Stop and Reflect

By this point, our hope is that you have made some connections to knowledge you already knew and that you have had exposure to new information that you are learning for the first time. Let's take a minute and quickly review some of the topics we have covered.

We began this module with some information on terminology and the righting and origins of 'names'. We were then introduced to the staggering statistics of the state of Indigenous education in Canada. The hope is that correlations can be made between the impact of Canadian government policies to 'kill the Indian' in the child and the current state of nations today. This strategy led to the development of aggressive assimilation policies and a push for a segregated system of education known as the Residential School Era. We were able to visit the 'Where are the Children?' website to explore this era in more depth. And, if you had the chance to see the documentary 'We were Children', then you will have an even greater understanding of the Residential School Era.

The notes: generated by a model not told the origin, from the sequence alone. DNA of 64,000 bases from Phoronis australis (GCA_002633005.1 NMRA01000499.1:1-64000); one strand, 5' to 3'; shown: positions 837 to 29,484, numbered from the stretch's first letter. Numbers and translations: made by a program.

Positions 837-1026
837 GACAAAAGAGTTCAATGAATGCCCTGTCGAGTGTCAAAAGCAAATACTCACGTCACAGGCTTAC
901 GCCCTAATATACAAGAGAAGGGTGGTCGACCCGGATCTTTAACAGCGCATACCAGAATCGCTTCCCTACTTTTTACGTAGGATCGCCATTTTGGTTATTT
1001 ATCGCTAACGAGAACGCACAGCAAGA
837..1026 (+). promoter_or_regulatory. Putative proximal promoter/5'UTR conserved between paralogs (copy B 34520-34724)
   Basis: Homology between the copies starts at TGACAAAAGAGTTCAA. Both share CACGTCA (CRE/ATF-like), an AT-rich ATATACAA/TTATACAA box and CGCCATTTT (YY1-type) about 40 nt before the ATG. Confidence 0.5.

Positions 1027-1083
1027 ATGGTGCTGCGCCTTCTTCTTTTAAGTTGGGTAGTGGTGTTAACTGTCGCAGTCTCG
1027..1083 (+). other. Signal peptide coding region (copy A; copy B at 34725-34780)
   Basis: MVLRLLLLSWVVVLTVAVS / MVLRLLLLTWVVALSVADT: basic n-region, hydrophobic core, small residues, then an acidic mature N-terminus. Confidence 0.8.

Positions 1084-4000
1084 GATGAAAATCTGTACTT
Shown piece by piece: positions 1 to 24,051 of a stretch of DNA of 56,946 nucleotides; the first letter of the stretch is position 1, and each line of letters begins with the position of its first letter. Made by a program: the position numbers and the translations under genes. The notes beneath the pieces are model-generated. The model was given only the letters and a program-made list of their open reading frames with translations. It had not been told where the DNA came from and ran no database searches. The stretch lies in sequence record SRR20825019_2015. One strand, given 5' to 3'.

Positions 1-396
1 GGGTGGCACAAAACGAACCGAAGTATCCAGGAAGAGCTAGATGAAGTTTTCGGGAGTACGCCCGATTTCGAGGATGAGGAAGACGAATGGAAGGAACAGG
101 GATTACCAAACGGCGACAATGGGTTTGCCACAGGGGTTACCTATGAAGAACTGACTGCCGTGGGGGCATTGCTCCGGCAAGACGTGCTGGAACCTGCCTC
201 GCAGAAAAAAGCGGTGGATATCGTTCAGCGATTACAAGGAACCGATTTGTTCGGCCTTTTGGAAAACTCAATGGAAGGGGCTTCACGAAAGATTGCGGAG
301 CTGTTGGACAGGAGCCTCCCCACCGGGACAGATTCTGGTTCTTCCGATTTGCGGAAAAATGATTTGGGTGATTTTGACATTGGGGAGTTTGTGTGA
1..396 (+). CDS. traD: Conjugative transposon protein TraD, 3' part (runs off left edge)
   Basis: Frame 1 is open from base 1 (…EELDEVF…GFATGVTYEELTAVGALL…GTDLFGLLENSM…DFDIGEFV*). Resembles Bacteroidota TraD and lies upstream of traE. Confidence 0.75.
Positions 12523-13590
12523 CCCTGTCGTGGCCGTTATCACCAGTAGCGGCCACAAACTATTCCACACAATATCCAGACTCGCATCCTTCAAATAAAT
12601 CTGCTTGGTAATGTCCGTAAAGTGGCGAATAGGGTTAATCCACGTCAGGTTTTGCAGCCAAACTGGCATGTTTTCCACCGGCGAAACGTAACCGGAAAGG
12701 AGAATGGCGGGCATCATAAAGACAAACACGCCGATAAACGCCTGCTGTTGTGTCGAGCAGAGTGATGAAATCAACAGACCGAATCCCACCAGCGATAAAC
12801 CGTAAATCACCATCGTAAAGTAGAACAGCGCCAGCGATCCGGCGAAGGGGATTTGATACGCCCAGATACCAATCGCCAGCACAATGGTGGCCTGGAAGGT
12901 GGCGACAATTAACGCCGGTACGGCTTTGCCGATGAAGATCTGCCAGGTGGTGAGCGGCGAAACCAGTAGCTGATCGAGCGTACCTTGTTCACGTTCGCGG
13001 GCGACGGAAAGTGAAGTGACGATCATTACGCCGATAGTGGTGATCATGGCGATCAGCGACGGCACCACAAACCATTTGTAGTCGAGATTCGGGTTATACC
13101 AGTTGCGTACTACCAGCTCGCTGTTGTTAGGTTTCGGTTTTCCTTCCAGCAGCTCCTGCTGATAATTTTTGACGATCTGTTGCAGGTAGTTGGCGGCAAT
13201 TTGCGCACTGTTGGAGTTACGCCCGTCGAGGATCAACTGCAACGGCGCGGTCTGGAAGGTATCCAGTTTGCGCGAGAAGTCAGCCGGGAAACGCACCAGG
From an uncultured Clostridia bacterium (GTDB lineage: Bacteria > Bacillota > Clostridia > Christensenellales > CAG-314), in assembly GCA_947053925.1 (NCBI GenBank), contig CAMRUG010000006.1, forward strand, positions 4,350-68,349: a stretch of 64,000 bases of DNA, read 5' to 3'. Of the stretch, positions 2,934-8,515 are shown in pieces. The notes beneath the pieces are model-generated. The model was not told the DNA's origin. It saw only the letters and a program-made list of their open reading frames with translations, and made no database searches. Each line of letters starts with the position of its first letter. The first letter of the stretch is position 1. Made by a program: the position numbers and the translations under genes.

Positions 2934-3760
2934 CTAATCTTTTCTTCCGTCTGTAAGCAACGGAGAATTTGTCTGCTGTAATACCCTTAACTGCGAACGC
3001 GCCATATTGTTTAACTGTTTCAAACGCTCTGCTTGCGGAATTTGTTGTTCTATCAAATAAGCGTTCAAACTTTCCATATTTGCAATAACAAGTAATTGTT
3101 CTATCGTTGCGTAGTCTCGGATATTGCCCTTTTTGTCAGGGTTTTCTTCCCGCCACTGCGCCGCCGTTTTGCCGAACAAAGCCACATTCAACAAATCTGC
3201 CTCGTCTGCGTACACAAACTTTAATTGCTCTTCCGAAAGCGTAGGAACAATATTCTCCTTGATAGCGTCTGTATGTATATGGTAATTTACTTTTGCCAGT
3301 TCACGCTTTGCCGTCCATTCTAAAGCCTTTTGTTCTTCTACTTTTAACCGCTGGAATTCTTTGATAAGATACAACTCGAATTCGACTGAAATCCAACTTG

Finally, we watched the Statement of Apology by Prime Minister Stephen Harper and the responses by Indigenous leadership in Canada. Rather than an end, this day is seen as a reason for hope that new relationships would develop based on mutual respect and trust for future generations.

Here are some questions to reflect upon and for you to gain a new perspective in understanding the issues Indigenous peoples face today.

  1. What is the most significant piece of information that you have learned so far? 

  2. How would this information generate or stimulate action in your professional and/or personal life?

  3. What question is uppermost in your mind with what you have learned in this module about Indigenous education?

< Check Your Knowledge Table of Contents

Share this story